A surprise to many is that Bill Gates of Microsoft fame is now the owner of a company running tests to become the builder of next-generation nuclear reactors.

The name of his company is TerraPower, located near Bellevue, Washington.

Gates and his associates fully support further development of wind and solar energy. At the same time they emphasize that nuclear power has a big role to play in the transition from fossil fuels to carbon-free sources of energy.

The red flag raised by many people is the fear of nuclear waste disposal, safety issues and the cost of operation.

TerraPower is addressing those concerns head on. They have 150 employees working on technologies that address safe waste disposal and other issues.

The startup company founded by Gates has reactors that are safer than traditional water-cooled reactors.

The TerraPower reactors use liquid sodium that operate at lower pressure and are not vulnerable to explosions such as those which hit the Chernobyl nuclear plant in Ukraine, part of what was then the Soviet Union in the mid-1980s.

About 20% of electrical power in the United States comes from nuclear. This percentage, however, is lower than nuclear energy produced in countries such as France and Japan.

Fossil fuels account for 63% of U.S. electrical power and 17% comes from renewables.

Thanks in part to fracking, it’s cheaper to build and operate gas-fired power plants than nuclear reactors.

“If you think about the accomplishments of Bill Gates in computing, we’re really trying to repeat that for nuclear energy,” said Chris Levesque, TerraPower’s president and CEO. “We believe nuclear is overdue for technology demonstrations.”

Closer to home, Xcel Energy for many years has operated three nuclear power plants, two at Red Wing and one at Monticello, between St. Cloud and the Twin Cities.

Gates and his wife, Melinda, also have a foundation with goals to enhance health care, reduce extreme poverty all over the world, expand educational opportunities and provide additional access to information technology in the United States.


Edgetown recalled

Back in the 1950s and 1960s there were buildings along old Highway 210 near what is now the northeast section of Fleet Farm on the northwest side of Fergus Falls.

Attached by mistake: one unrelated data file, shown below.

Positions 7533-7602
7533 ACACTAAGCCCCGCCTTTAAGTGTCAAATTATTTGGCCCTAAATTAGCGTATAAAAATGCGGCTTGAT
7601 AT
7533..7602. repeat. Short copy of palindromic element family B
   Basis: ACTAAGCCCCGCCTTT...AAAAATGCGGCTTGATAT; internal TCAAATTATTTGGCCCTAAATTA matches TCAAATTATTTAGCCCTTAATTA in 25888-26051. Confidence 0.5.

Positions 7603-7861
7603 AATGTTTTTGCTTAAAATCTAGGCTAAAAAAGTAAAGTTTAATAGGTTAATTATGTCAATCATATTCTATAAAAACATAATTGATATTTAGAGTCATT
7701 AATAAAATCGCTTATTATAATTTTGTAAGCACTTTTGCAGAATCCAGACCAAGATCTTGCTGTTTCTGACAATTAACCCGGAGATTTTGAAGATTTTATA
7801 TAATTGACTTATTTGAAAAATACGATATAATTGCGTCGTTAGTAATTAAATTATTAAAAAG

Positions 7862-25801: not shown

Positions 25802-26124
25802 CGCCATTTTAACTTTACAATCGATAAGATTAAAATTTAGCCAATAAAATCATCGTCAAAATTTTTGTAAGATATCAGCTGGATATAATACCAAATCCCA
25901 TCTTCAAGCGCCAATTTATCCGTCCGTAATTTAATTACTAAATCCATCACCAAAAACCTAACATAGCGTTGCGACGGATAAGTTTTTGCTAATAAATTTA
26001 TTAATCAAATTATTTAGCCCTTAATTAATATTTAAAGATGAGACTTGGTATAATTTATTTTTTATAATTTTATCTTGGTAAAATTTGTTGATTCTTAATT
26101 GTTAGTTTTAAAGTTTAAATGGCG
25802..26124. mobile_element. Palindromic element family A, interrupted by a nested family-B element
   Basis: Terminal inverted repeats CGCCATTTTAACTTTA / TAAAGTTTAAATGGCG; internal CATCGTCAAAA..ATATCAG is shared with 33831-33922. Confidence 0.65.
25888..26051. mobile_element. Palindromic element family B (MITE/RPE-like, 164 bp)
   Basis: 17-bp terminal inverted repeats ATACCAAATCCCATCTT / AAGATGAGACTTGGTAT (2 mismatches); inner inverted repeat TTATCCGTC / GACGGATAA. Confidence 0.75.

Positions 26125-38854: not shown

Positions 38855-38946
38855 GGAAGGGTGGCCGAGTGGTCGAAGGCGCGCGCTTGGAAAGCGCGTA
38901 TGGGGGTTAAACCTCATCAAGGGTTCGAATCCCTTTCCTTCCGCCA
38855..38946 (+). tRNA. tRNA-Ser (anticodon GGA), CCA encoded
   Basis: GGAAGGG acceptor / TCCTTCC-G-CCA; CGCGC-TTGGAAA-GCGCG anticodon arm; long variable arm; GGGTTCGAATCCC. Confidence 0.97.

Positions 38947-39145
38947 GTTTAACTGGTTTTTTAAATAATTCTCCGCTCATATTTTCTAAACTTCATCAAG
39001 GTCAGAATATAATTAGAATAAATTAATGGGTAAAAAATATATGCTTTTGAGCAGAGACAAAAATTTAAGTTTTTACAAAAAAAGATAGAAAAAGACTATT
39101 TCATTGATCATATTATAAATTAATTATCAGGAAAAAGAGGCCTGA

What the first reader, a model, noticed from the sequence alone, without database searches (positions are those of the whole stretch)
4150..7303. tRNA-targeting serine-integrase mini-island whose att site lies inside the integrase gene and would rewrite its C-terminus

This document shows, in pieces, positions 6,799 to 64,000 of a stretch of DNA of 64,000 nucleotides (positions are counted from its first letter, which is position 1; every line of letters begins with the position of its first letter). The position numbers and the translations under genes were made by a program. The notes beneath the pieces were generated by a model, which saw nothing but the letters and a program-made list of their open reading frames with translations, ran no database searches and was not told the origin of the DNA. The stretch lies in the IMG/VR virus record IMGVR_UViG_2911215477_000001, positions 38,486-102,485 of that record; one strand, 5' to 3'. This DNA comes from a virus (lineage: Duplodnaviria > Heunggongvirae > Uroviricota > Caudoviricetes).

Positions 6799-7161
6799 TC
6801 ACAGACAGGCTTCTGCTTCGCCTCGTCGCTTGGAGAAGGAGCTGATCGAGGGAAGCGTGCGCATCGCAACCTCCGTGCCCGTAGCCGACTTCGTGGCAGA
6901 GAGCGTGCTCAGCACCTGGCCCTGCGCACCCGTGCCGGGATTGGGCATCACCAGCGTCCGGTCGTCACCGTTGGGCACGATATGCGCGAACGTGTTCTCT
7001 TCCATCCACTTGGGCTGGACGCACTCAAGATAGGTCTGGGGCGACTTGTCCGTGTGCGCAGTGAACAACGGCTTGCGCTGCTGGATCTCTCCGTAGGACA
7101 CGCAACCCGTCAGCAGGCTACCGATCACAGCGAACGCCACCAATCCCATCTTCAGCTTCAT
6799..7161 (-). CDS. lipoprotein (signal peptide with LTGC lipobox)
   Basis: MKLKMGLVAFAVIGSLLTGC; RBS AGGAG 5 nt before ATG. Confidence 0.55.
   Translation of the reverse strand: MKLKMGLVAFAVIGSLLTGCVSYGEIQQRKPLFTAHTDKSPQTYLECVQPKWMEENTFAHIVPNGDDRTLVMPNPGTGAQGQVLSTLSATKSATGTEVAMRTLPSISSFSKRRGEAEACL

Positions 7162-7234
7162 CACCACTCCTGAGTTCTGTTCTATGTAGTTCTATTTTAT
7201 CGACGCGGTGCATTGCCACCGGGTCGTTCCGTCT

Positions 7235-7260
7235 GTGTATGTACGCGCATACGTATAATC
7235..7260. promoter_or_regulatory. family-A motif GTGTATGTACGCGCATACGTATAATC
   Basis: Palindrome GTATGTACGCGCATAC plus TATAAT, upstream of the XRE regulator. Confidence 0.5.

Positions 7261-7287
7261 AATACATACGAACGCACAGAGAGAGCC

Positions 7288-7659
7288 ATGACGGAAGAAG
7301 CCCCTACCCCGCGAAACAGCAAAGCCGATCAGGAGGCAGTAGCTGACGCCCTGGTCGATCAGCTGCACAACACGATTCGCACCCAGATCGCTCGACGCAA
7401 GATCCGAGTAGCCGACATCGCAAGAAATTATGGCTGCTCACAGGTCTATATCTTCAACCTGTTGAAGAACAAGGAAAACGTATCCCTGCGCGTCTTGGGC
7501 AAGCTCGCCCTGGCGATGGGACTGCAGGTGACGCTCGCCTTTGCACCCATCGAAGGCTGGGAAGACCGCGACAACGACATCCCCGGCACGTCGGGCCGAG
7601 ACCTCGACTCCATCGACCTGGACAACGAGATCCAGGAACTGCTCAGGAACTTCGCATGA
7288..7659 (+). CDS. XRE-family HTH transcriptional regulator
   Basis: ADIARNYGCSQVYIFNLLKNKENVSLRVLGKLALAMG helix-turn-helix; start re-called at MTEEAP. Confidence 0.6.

This area was fondly referred to as Edgetown, before the westward expansion and construction of Interstate 94.

Included were Edgetown Lumber, International Harvester, a cabinet business, roller skating rink and Tysdal’s Auction Market.

To the south and across the road was the old radio station with its three large towers and blinking red lights atop those towers.

Special memories of Edgetown Lumber come from John Runningen, a 1971 graduate of Fergus Falls High School who grew up at 1032 W. Summit Ave. He now lives in Atlanta, Georgia.

Runningen has special praise for Edgetown Lumber manager Ed Belka who was a close friend of Runningen’s grandfather, Rudy Mohagen.

“Edgetown Lumber came to the rescue when I needed to move my stump house,” Runningen recalls. “We didn’t want to tear it apart to move it.”

He says the stump house was about 6 feet square with old oak stumps holding up each corner.

“We had purchased all the wood from Mr. Belka at Edgetown Lumber, so we went over to ask if he could use his forklift to move the stump house. He said ‘of course,’ and sent his driver over to our house,” Runningen says.

“I remember it went all of 3 mph, very slow indeed for an anxious boy. When he got to our house, he lifted it right up, moved it about 50 feet and set it down on the new stumps that had been set up and leveled. A perfect fit.”

A footnote: In the fall of 1964 several acres of farmland were acquired east of Edgetown to establish a permanent home for Fergus Falls Community College.


Tom Hintgen is a longtime Daily Journal columnist. His column appears in the Weekend Edition.

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